House of 1000 Manga
His Favorite

by Shaenon K. Garrity,

His Favorite

When I read smut, I want it smutty. As part of my job as a professional manga nerd, I find myself reading a lot of Boys’ Love (have you seen the length of the BL review section in Otaku USA?), and time and again I've been disappointed by titles where hot dudes who are also probably also psychic manimals or something fall in lust/angst (or langst) but barely even kiss. Where is my peen, I ask? Give me smut! Give me smut and nothing but!

But I'll forgive almost anything if a manga is funny, and His Favorite, although a disappointingly PG-level BL manga, is pretty darn funny. Also it feeds my love of tiny dorky angry guys.

Sato is the hottest guy in school, followed everywhere by crowds of lovestruck girls who can't get enough of his bishonen good looks and heavy-lidded cool. But Sato only wants to hang out with gawky semi-delinquent Yoshida, who's baffled by the attention—not to mention annoyed, since now every girl in school hates him for taking up priceless face time with Sato. Plus, Sato seems more interested in picking on Yoshida than palling around with him. But could it be that Sato's interest is more than friendly? Could it be that Yoshida is, in fact…His Favorite? OMG! And if so, why?

Because they have a past together, of course. This is a manga. It soon comes out that Sato has a secret history as a picked-on fat kid, though since he's grown out of his awkward childhood nobody recognizes him—except, eventually, Yoshida. Giving the seme a traumatic past to excuse his bad-boy behavior is a BL standard, but when we finally get to the flashbacks to Sato's stint in an abusive fat camp, it's played for over-the-top absurdity. (The kids are forced to lose weight by fighting ravenous tigers and anacondas all day, and there are rumors of genetic experimentation.) Meanwhile, the hotness and popularity of the present-day Sato is exaggerated to a ridiculous degree—all the more so because he's not even the only bishy guy at the school, and soon the manga fills with other hot guys, most of whom are also into Yoshida.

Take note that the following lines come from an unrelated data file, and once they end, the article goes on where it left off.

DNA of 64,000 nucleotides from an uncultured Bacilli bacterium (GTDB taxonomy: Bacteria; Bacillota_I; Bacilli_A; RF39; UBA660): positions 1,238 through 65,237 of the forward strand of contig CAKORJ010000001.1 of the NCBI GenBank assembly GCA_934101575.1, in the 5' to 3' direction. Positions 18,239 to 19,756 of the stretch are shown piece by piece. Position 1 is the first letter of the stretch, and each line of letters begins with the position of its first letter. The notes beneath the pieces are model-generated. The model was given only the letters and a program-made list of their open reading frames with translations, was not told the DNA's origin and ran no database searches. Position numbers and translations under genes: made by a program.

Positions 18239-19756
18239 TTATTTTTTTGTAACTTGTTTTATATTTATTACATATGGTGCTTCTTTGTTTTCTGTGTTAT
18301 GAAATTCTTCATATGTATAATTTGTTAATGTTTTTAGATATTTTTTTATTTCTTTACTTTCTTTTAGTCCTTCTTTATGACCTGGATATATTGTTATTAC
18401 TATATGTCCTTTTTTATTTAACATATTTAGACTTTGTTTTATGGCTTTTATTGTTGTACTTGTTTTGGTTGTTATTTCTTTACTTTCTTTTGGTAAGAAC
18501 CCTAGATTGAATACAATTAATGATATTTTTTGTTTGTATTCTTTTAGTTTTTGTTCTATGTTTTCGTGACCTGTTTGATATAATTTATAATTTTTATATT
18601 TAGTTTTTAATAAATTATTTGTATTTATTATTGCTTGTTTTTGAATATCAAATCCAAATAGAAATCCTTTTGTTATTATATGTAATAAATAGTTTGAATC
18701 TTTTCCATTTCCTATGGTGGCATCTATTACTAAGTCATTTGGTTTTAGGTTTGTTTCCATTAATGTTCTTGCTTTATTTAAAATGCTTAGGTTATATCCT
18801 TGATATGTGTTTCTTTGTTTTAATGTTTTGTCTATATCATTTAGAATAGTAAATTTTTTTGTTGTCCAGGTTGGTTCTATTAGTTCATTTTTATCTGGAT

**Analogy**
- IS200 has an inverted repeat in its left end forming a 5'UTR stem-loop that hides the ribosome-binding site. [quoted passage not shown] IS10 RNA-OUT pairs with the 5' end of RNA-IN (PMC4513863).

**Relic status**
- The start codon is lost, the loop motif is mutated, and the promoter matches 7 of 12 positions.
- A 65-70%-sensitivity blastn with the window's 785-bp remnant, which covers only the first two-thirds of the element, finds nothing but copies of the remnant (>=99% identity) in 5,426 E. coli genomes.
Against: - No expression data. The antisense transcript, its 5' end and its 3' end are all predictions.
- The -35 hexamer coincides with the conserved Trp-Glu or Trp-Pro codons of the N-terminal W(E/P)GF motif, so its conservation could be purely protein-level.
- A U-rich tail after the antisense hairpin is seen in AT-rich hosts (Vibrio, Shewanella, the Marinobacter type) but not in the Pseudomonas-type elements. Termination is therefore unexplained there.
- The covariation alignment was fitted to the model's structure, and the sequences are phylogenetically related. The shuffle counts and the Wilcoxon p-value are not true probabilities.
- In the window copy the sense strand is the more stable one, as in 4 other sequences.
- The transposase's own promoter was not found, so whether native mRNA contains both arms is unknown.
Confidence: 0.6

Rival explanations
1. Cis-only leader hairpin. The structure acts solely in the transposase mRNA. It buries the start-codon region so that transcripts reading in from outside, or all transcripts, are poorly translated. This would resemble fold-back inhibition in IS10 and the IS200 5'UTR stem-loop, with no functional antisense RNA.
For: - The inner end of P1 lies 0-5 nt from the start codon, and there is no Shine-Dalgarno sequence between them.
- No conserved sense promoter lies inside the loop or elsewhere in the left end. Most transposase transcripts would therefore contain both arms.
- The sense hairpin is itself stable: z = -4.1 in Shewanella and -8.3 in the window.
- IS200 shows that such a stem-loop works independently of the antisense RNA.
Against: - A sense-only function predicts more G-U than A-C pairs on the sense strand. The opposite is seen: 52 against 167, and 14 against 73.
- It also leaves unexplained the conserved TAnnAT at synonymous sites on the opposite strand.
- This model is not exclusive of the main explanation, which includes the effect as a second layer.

Ah, Yoshida. Again, my personal biases distort my critical opinion, as biases are bound to do when smut is involved, but Yoshida's character design is unique in BL and enormously charming. Basically, he's a cartoon doodle. He's got rumpled hair and bug eyes and a stretched-out mouth. He looks a lot like Luffy from One Piece, even down to the scar on one cheek, but while Luffy lives in a world of other wacky cartoon people and looks more or less normal in that milieu, Yoshida is paired off with the foot-taller, shojo-eyed Sato. My House of 1,000 Manga cohort Jason Thompson has commented in the past on the way shojo artists often draw male and female characters in radically different styles; reviewing Rie Takada's Happy Hustle High for his seminal Manga: The Complete Guide, he noted “in Takada's world, guys and girls look like different species.” But it's rare to see this device in BL, and although Yoshida is supposed to be “ugly,” his exaggerated expressions and flailing body language make him predominantly huggable.